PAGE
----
Wednesday, September 29, 2010

6 Reasons Why We Don't Lose Weight

Doctors hear this complaint often: “I’m dieting all the time, but I can’t lose any weight.” For many people, losing weight
is a frustrating endeavor. No matter how hard they seem to be trying, nothing changes. What is going on? Identifying the problem is only part of the solution.

6 common reasons why we don’t lose weight

   1. Many of our social interactions include food.
   2. Restaurants portions have increased (particularly fast food).
   3. We are less active than in the past.
   4. We find it unacceptable to be hungry.
   5. We misunderstand how weight is maintained.
   6. We forget the extra food we eat everyday, or we think we ate less than we did.

It’s also important to remember that when we consume fewer calories, we have a tendency to be less active, which probably stems from our biological programming to preserve body weight for survival.

Simple truths about weight loss

Many people think weight loss is like emptying a bucket with a ladle. A scoop out of the bucket today, tomorrow, next week will eventually empty the bucket. Not so with our bodies. When we decrease our food intake, our bodies try to absorb and store more calories the next time we eat in excess of what our body needs. So, even though we are cutting down most of the time, we will not lose weight if we get extra calories part of the time.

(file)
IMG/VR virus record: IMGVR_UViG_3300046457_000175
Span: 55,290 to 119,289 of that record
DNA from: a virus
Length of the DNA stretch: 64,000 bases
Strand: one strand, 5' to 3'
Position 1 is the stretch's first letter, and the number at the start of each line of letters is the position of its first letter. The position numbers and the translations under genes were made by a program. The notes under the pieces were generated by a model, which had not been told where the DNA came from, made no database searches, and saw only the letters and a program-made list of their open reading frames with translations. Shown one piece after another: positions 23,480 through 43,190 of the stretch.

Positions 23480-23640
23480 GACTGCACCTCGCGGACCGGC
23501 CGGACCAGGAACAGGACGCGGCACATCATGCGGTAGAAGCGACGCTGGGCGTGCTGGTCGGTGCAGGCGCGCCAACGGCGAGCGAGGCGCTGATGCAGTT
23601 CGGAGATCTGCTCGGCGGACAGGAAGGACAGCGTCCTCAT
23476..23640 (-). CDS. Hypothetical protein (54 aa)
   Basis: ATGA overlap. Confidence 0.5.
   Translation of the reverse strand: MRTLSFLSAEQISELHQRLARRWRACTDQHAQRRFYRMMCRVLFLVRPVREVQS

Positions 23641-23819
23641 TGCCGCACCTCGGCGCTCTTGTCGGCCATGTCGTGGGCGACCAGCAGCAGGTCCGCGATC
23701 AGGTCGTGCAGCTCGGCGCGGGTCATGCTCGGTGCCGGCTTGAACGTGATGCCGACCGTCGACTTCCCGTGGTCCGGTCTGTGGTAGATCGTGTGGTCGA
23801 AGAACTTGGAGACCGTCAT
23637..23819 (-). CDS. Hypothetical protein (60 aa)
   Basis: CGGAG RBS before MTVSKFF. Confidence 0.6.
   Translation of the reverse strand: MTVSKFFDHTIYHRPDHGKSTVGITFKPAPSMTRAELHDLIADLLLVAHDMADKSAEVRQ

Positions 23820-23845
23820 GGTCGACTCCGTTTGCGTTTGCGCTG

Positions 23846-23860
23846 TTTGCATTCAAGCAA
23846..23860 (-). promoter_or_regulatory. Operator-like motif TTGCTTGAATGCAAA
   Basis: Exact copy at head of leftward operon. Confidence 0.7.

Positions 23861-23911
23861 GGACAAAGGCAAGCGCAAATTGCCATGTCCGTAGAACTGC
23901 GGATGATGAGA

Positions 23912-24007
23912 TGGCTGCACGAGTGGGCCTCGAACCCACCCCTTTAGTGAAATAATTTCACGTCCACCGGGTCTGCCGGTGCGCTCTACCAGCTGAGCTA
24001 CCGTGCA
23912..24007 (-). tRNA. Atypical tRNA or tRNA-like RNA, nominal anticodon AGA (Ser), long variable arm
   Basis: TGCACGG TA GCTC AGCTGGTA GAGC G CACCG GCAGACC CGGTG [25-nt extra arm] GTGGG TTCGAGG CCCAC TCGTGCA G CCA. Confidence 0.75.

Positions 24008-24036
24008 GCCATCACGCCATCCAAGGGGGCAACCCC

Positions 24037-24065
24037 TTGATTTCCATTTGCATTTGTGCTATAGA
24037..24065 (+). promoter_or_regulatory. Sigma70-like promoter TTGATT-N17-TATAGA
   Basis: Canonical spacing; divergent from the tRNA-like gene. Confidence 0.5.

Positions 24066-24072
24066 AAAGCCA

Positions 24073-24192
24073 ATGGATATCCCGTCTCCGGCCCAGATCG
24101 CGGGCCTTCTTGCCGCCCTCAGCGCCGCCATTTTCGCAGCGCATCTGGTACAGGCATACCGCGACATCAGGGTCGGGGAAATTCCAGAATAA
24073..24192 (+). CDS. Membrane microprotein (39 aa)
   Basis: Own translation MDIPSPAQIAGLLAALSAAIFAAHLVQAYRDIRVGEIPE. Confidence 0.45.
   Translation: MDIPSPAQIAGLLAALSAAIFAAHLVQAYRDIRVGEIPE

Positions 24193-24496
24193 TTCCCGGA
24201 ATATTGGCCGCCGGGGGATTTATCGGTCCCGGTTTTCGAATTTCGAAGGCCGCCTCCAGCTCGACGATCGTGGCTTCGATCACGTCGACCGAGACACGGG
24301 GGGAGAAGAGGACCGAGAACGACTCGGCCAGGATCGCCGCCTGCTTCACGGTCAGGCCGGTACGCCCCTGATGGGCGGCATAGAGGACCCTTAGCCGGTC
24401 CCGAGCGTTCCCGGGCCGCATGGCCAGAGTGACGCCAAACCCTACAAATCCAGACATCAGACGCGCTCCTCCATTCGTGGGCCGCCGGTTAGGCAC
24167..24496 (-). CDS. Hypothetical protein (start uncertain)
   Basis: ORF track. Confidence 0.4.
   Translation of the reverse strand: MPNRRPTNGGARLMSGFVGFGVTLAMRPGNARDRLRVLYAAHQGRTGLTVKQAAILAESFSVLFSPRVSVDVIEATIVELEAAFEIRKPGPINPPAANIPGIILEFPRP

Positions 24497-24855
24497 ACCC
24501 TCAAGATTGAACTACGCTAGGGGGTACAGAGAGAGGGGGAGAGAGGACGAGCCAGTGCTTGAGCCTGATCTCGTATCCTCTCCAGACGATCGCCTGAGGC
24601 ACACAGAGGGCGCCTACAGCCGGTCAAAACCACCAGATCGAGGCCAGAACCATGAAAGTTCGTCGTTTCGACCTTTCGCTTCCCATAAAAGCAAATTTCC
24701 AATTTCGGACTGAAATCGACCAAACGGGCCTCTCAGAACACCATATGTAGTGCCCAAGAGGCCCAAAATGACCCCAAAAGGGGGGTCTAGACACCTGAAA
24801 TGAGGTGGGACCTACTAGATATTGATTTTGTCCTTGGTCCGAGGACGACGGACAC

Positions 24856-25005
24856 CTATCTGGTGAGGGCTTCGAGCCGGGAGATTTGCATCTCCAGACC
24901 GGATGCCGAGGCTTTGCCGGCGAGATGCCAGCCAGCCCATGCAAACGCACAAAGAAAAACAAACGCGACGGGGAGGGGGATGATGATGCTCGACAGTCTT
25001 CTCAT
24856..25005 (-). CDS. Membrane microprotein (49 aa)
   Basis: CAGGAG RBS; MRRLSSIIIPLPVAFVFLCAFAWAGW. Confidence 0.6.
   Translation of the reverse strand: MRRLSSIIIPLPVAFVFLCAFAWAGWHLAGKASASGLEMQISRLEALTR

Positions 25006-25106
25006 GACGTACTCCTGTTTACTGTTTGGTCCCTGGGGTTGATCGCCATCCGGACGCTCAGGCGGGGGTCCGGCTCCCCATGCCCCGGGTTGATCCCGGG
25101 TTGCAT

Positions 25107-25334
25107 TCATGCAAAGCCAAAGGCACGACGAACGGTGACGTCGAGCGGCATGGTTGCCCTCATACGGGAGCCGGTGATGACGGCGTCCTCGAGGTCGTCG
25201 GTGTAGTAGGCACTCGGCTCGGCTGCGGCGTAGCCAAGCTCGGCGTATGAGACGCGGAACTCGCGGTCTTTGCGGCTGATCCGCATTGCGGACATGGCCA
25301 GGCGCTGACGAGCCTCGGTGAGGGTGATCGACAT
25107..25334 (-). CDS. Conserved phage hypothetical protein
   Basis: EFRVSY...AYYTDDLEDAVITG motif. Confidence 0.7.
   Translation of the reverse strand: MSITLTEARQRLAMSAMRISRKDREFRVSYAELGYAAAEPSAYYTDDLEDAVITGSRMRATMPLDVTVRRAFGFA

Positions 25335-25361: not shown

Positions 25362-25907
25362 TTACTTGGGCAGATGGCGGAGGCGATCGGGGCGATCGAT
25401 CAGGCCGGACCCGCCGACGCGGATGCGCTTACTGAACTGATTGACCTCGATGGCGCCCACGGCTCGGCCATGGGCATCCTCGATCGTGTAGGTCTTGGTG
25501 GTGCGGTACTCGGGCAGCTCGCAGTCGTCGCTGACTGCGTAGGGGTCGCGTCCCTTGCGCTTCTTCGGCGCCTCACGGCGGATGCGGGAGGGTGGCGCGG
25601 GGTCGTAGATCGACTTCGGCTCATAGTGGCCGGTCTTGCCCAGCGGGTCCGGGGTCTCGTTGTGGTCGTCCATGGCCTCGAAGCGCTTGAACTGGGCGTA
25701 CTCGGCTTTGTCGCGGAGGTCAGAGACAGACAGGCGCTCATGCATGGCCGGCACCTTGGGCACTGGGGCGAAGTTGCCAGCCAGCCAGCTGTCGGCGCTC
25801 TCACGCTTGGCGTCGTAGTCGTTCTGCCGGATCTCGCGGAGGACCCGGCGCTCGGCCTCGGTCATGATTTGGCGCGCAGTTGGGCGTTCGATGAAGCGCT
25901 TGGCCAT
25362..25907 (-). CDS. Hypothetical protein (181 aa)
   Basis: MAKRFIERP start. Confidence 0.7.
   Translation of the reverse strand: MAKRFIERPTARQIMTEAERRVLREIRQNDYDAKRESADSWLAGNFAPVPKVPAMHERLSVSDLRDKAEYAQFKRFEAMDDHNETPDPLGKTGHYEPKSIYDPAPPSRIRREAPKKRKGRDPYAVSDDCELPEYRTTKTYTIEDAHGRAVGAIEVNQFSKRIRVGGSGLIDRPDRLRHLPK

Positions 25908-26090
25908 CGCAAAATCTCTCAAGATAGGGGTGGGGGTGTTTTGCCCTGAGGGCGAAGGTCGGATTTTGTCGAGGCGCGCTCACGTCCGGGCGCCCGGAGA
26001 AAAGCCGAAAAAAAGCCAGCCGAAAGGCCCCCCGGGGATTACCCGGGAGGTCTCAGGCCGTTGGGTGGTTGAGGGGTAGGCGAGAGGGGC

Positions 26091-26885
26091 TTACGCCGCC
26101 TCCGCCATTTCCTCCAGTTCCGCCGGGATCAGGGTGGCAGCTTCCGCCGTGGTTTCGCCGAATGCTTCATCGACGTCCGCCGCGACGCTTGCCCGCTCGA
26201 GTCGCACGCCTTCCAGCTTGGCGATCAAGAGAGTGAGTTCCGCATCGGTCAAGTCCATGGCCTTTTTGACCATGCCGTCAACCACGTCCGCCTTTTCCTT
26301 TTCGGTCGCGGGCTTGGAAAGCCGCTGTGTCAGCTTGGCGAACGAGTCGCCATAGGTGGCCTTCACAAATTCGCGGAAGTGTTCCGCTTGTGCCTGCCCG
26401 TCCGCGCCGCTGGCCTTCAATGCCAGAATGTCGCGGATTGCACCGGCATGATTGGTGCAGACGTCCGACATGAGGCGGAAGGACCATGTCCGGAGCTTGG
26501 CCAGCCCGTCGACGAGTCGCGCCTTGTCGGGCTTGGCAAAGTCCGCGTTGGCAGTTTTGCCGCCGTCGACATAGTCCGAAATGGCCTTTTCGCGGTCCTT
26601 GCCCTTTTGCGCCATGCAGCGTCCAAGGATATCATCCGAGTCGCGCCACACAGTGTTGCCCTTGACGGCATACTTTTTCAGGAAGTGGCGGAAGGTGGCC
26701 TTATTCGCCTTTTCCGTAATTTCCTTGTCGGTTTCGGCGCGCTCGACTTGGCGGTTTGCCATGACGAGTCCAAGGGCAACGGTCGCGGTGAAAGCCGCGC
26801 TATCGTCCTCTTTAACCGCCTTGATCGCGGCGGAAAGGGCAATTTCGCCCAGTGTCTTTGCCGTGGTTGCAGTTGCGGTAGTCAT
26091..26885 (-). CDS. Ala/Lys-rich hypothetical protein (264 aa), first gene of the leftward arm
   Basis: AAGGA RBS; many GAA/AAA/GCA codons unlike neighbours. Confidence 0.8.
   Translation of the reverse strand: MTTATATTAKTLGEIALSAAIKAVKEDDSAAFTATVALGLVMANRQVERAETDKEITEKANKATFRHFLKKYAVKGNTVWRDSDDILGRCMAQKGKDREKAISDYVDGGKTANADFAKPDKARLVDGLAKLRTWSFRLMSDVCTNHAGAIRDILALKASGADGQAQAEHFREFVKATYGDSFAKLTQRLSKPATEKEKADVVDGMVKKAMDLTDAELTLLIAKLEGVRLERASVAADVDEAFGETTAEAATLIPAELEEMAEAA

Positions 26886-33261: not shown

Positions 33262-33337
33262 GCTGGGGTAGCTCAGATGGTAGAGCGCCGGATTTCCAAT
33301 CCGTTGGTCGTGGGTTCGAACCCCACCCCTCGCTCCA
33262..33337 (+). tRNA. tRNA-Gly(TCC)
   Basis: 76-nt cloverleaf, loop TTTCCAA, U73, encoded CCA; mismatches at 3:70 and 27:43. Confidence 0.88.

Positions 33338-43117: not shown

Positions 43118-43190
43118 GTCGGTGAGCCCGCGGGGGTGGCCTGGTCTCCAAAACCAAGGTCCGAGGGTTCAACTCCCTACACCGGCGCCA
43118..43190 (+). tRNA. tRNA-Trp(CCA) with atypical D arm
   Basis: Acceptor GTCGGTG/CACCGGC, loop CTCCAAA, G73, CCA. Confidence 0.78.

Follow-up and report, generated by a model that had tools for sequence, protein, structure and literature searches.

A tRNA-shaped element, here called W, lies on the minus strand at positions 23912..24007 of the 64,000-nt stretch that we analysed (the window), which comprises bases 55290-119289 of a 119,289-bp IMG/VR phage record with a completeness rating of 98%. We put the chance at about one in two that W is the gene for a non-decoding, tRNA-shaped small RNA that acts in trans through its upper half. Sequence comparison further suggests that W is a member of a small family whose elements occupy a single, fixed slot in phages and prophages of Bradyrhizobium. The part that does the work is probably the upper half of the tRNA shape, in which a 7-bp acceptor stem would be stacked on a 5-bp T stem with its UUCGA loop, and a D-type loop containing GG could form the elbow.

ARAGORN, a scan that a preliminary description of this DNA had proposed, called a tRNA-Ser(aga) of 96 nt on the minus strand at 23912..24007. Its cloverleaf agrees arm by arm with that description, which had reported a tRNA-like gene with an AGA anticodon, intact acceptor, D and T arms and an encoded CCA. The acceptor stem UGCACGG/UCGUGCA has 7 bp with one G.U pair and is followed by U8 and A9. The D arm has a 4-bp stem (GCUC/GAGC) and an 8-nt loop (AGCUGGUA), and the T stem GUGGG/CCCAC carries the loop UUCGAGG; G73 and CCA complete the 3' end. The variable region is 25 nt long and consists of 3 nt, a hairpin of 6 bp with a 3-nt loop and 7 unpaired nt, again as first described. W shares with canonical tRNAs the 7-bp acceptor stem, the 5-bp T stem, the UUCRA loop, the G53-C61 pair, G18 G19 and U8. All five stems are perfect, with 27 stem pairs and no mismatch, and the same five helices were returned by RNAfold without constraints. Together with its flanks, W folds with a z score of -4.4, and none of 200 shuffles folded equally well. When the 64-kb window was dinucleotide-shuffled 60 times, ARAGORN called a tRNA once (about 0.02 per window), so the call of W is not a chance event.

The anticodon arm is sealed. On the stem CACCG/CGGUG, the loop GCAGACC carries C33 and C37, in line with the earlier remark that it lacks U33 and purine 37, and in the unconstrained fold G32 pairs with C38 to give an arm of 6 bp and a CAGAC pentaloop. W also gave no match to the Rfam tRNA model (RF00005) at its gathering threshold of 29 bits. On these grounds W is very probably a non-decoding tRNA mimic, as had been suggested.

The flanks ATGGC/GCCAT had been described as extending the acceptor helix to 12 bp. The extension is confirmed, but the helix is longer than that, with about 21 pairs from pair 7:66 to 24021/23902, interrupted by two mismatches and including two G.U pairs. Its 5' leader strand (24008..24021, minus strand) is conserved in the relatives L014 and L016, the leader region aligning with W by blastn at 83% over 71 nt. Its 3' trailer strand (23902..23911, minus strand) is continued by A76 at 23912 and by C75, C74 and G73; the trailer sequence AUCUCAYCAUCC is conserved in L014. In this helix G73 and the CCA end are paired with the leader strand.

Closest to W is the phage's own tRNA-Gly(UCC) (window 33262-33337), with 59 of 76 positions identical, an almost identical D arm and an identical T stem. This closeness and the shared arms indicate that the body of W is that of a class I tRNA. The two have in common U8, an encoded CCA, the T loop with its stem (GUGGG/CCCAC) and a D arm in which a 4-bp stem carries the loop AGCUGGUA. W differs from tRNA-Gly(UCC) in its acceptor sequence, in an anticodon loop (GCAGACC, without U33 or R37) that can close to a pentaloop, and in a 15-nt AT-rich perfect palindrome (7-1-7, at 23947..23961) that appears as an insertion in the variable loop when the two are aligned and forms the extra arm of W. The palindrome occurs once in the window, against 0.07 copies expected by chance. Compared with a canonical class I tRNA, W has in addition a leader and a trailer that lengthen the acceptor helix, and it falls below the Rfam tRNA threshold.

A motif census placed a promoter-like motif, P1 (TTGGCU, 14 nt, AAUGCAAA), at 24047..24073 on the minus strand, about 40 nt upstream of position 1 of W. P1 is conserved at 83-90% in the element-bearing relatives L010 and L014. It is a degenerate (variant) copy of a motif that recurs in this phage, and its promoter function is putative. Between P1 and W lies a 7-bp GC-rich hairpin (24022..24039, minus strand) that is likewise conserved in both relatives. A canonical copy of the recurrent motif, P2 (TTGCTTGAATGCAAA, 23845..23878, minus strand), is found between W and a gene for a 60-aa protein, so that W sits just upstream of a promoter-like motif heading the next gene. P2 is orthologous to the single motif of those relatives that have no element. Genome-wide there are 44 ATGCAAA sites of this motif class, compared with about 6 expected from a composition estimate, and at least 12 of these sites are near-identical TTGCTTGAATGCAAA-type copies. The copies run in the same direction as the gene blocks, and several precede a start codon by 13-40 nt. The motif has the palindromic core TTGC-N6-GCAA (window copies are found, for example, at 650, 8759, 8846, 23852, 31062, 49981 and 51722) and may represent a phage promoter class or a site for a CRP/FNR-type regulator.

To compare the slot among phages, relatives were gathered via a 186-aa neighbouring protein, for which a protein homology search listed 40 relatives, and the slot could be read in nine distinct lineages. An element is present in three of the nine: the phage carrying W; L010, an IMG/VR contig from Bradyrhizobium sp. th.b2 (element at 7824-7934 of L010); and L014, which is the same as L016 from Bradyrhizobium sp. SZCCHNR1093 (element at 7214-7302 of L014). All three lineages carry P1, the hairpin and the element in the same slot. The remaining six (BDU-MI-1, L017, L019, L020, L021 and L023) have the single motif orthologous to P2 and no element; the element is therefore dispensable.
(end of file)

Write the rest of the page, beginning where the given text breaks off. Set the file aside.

The simple rule of weight loss is that you must consistently burn off more calories than you take in. Any type of weight loss diet can work as long as calorie intake is consistently reduced, every day. A diet that is balanced with small quantities of vegetables, fruit, grains and lean meat or fish is the healthiest. Exercise helps, but unless you are an athlete, you will have to cut calories, too. And remember, it’s OK to be hungry when losing weight. Once a goal is achieved, every day is for maintaining. If you go back to eating more and exercising less, the weight will go right back on.
Factoring exercise into your weight loss plan

You can exercise more to lose weight, but beware of this idea. Most people don’t realize how much exercise is needed to lose weight without cutting calories. Plus, exercise increases appetites. If a dieter can avoid eating any more than was consumed before the diet and can burn off an additional 500 calories every day, that person can lose a pound a week. One mile, walked or run, or five miles on a bike, burns 100 calories. If you can do five miles a day—every day—and not eat any more no matter where you are or what you are doing, you can lose a pound a week. Or, you can cut 250 calories per day and do two and a half miles to accomplish the same thing.

South Beach Diet

This hugely popular diet promises diligent followers an initial weight loss
of 8-13 pounds in the first two weeks. The emphasis is on avoiding highly processed carbohydrates, such as those found in baked goods, breads, snacks and soft drinks. Divided into three phases, the diet gradually reintroduces some initially forbidden foods. One premise of the diet is that low-fat prepared foods can be a bad idea except in the case of low-fat cheese, milk and yogurt. Exercise is not emphasized with this diet.

Overview of the South Beach Diet